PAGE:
When planning a new project, someone always asks the question: “And where are any actual data from our previous projects?” Another question may also arise: “What is the relationship between the plan and the measurement data?” The plan is useful only if it diverges from reality by no more than +/- 20%. Measurement data is useful only if they are applicable to a project whose conditions are similar to those of the previous project when these data were received.
Imagine that you own a small ocean yacht and are going to sail from Atlantic City, New Jersey, to the Bahamas. You would have to pick up maps of the Atlantic coast with a display of sea routes, depths, ports and lighthouses. You would need to choose a route and count the travel time, taking into account the speed of the yacht and any speed limits specified in the navigation charts. When planning, it is necessary to perform a number of calculations, taking into account the rate at which various supplies are used. You should decide how many people could be on the trip. Intermediate results, such as the number of travel days, determine the number of portions got at breakfast, lunch or dinner to feed people being on board. In accordance with this plan, you will reserve the appropriate amount of fuel, drinking water, food and other supplies. This information is reflected in the navigation and food plans, in the ship’s declaration and route map.
While sailing, the captain of the yacht will check with the navigation plan, recording such measurement data as speed and current heading. Based on this data, he calculates the time when to start looking for a specific port or beacon. The purpose of this actual measurement data set is to associate the navigation plan with known route points. By tracking these measurement data and comparing them with control points, the captain can answer the most typical questions, such as “Have not we lost track?” or “Have we departed from the schedule?”.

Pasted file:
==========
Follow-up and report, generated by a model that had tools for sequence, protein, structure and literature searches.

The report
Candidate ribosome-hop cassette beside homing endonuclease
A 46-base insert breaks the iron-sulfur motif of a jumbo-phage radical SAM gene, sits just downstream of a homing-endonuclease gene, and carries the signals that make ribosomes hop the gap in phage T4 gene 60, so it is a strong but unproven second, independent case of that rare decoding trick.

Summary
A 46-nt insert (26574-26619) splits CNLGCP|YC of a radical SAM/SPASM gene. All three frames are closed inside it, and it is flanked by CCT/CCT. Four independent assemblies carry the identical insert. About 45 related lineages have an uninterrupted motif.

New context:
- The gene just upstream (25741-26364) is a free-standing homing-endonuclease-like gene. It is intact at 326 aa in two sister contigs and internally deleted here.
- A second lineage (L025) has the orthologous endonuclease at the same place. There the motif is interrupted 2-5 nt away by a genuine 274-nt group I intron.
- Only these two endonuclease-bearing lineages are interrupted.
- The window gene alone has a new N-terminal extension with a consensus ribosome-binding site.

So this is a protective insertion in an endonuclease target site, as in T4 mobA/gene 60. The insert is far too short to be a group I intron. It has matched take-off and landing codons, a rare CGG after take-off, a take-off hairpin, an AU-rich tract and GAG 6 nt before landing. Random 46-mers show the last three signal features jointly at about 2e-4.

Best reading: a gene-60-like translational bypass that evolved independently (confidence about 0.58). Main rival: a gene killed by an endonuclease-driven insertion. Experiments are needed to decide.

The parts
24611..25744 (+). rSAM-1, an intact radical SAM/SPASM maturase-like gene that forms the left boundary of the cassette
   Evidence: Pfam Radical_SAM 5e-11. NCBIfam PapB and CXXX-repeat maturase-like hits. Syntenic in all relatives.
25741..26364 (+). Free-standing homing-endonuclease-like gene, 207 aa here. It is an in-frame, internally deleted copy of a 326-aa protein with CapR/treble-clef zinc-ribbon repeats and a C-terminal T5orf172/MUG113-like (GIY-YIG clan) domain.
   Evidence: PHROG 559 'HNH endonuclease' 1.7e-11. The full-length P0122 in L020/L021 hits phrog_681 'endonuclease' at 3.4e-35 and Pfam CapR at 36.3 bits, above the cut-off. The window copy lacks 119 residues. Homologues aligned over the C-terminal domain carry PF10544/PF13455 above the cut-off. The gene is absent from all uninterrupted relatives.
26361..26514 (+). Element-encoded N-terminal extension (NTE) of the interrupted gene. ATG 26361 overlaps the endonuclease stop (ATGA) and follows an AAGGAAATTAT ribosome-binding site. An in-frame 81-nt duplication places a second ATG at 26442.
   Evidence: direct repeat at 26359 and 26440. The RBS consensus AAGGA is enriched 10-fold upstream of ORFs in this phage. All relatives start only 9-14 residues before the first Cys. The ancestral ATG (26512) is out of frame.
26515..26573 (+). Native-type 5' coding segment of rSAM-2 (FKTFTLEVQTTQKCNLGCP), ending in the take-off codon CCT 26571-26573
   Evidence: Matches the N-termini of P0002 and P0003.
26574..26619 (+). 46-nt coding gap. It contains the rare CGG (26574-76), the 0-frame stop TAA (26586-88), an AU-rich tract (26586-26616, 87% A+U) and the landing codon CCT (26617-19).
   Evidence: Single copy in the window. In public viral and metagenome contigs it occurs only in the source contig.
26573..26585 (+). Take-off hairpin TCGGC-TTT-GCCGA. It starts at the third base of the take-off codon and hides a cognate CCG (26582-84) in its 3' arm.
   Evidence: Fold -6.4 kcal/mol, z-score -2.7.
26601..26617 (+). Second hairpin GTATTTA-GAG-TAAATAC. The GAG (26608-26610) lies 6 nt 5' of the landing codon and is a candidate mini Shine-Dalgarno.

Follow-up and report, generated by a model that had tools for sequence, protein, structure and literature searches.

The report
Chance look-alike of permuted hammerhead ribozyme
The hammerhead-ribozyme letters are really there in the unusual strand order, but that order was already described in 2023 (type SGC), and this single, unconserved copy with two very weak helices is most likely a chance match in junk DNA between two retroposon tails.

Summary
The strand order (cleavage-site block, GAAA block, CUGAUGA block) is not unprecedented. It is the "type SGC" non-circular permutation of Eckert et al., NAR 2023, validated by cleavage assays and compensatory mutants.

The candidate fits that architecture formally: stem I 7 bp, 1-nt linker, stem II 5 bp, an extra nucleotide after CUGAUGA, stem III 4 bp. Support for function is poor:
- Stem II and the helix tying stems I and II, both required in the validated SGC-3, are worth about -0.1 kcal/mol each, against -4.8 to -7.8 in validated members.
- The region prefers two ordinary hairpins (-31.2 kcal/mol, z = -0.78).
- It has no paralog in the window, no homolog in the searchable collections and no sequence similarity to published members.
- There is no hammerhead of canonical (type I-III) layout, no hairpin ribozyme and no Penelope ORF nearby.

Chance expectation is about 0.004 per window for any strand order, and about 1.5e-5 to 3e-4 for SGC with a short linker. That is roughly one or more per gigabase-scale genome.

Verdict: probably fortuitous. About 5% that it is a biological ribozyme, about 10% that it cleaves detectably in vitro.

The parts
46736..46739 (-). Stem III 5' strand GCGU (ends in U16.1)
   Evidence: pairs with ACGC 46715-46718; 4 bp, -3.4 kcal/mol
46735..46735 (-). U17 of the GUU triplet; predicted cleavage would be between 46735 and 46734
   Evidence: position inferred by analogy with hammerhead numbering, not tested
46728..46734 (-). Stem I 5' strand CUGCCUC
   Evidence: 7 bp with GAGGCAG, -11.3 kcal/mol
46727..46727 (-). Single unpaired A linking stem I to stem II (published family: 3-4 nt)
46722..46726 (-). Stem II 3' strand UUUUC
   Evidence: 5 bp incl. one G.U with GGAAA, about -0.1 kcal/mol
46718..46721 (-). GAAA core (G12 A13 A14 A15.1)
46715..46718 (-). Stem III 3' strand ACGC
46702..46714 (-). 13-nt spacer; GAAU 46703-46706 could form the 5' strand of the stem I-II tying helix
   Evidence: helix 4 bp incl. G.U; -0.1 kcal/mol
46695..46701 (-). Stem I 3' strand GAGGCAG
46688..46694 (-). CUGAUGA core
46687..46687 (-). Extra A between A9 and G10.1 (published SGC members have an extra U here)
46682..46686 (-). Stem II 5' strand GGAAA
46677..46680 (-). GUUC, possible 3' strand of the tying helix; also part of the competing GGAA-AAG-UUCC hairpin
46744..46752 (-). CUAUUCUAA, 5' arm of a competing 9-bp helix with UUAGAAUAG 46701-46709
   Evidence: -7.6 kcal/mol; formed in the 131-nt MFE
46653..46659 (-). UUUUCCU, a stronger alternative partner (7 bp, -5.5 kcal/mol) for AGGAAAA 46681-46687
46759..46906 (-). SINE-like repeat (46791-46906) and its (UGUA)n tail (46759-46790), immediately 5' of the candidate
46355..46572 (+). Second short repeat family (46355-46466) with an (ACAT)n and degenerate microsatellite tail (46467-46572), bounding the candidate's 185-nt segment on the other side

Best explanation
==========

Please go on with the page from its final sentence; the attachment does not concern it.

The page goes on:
In the case of software development projects, the planning process consists of combining the selected development life cycle and its stages (navigation maps and route), a set of functional requirements (the length of the journey in miles), the number of lines of code that must be created per hour the specific speed of the yacht, expressed in miles / h), the schedule of staff loading by months (route) and intermediate project completion dates (beacons and ports).
During the development, the project manager records the actual data, for example, data obtained during the current week on the number of use cases, the number of lines of code, the number of detected and corrected errors, and the percentage of completed test cases to their total number. In addition, the software development manager looks at the project plan and its timetable to be able to answer the typical question: “Will we be able to meet project deadlines?” So, it is always reasonable to turn to qa company for help throughout the entire development life cycle. Quality assurance experts ensure that any software meets the established top quality and real-world standards.